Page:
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Discussion Starter #1
Out of 400 9mm reloads i had to scrap 103 for not enough neck tension.

When i seat the bullets the ones that go in real easy, i make sure i can't move the bullets by hand.

ALL the .FC. failed, most all the cci, blazer, some of the star line, speer, ppu.

I using Dillon dies, i did'nt put a taper crimp on them because i did'nt have to expand them.
 

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Just curious, why don't you want to put on a taper crimp? You would be throwing away less brass if you did that. If you didn't have to expand your cases and bullets were inserting easily, could your resizing die be out of spec due to use and wear? I use Lee dies and I always have to expand just a tad to get bullets to go in easily. But this may depend on the bullets chosen - I use mostly cast lead or copper plated. Rarely FMJ.
 

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Discussion Starter #3 (Edited)
The bullets are rainier, they measure .355 on the money.

I'm thinking if i can push them in by hand it will really deform the bullets putting enough crimp to keep them from setting back .

My dillon die has'nt got any wear at tall. not having any problems with win brass.

I've had the same problem with rem brass using lee dies loading for the 38 and 45.
I'm also thinking if you don't expand you don't need to crimp, cause all your doing crimping auto rounds is making sure the flare is gone from expanding.

Got all the bullets pulled and am working on getting the primmers back now.

Brass is no problem got a big bucket full, pistols are a problem!!! Don't want to be shooting rounds i'm afraid that might be prone to setback.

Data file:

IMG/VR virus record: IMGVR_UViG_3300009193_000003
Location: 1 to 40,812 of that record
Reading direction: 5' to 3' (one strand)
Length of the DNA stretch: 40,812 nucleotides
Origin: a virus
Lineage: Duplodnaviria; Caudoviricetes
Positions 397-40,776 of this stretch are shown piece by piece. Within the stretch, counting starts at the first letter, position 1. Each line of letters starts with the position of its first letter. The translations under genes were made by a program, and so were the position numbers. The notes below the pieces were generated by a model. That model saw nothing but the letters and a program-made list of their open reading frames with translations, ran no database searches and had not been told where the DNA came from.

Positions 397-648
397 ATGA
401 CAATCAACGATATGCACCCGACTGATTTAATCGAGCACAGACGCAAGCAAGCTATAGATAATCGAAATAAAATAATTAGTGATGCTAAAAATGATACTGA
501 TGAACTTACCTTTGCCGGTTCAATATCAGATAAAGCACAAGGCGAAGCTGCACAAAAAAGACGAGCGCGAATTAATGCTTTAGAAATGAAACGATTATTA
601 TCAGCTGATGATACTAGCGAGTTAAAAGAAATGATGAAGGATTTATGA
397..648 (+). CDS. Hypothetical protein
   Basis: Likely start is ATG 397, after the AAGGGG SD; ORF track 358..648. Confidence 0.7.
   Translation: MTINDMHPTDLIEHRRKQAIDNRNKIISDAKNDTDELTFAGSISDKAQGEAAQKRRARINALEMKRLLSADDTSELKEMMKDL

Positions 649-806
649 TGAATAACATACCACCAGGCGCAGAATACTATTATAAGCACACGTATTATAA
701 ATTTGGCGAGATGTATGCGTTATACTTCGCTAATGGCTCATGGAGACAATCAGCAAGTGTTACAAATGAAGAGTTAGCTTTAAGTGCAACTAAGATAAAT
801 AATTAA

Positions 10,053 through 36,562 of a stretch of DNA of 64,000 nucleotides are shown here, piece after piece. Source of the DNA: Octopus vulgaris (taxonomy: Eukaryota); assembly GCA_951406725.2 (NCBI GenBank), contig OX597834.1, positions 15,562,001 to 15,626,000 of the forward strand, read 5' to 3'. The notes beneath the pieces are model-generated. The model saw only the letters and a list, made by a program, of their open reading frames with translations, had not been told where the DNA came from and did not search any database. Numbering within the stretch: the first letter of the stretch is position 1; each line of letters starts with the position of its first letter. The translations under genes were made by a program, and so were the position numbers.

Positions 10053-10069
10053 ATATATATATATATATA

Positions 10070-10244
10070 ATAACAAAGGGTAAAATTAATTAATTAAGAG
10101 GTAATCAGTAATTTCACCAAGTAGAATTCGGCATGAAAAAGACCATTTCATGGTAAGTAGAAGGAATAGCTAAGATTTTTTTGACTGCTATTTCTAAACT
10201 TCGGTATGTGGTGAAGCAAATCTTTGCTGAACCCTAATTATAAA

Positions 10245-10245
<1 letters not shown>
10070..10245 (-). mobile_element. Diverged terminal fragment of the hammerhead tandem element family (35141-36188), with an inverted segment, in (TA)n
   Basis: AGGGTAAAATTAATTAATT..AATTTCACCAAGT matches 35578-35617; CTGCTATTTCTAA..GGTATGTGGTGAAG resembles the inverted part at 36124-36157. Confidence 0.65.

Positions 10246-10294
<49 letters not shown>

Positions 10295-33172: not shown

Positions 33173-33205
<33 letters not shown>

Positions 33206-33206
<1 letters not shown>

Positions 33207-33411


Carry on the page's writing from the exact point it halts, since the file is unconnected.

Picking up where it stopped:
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Taper crimp will not prevent setback.
Proper case neck tension prevents setback.

It sounds to me like your sizing die is out of spec, or not adjusted down to the shell holder.

I don't know about Dillon dies, but the 9mm case is tapered.
If the die isn't adjusted down all they way, it isn't sizing the mouth enough due to the tapered case.

The second thing may be your expander is too big, if you used it.

But regardless, it isn't the fault of the brass if you had the same problem with FC, CCI, blazer, star line, speer, & ppu brass.

rc
 

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Discussion Starter #5 (Edited)
I,m really thinking they don't make brass like they used too. Thought Dillon dies were some of the better dies.


It's the brass. Been measuring, the fc cases are resizing to a id of .352-3, pressed a bullet into one with the smallest id of .352, could push the bullet with just my fingers!!!

Got ahold of some 45auto brass with a S&W head stamp that would'nt resize at tall, no difference in the id nomatter how manny times i rresized them.
 

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My friend and I shoot a lot of .45colt. We both have SAA clone revolvers (Uberti). I also have a Rossi lever action in this caliber (tube magazine).

I crimp. My friend doesn't.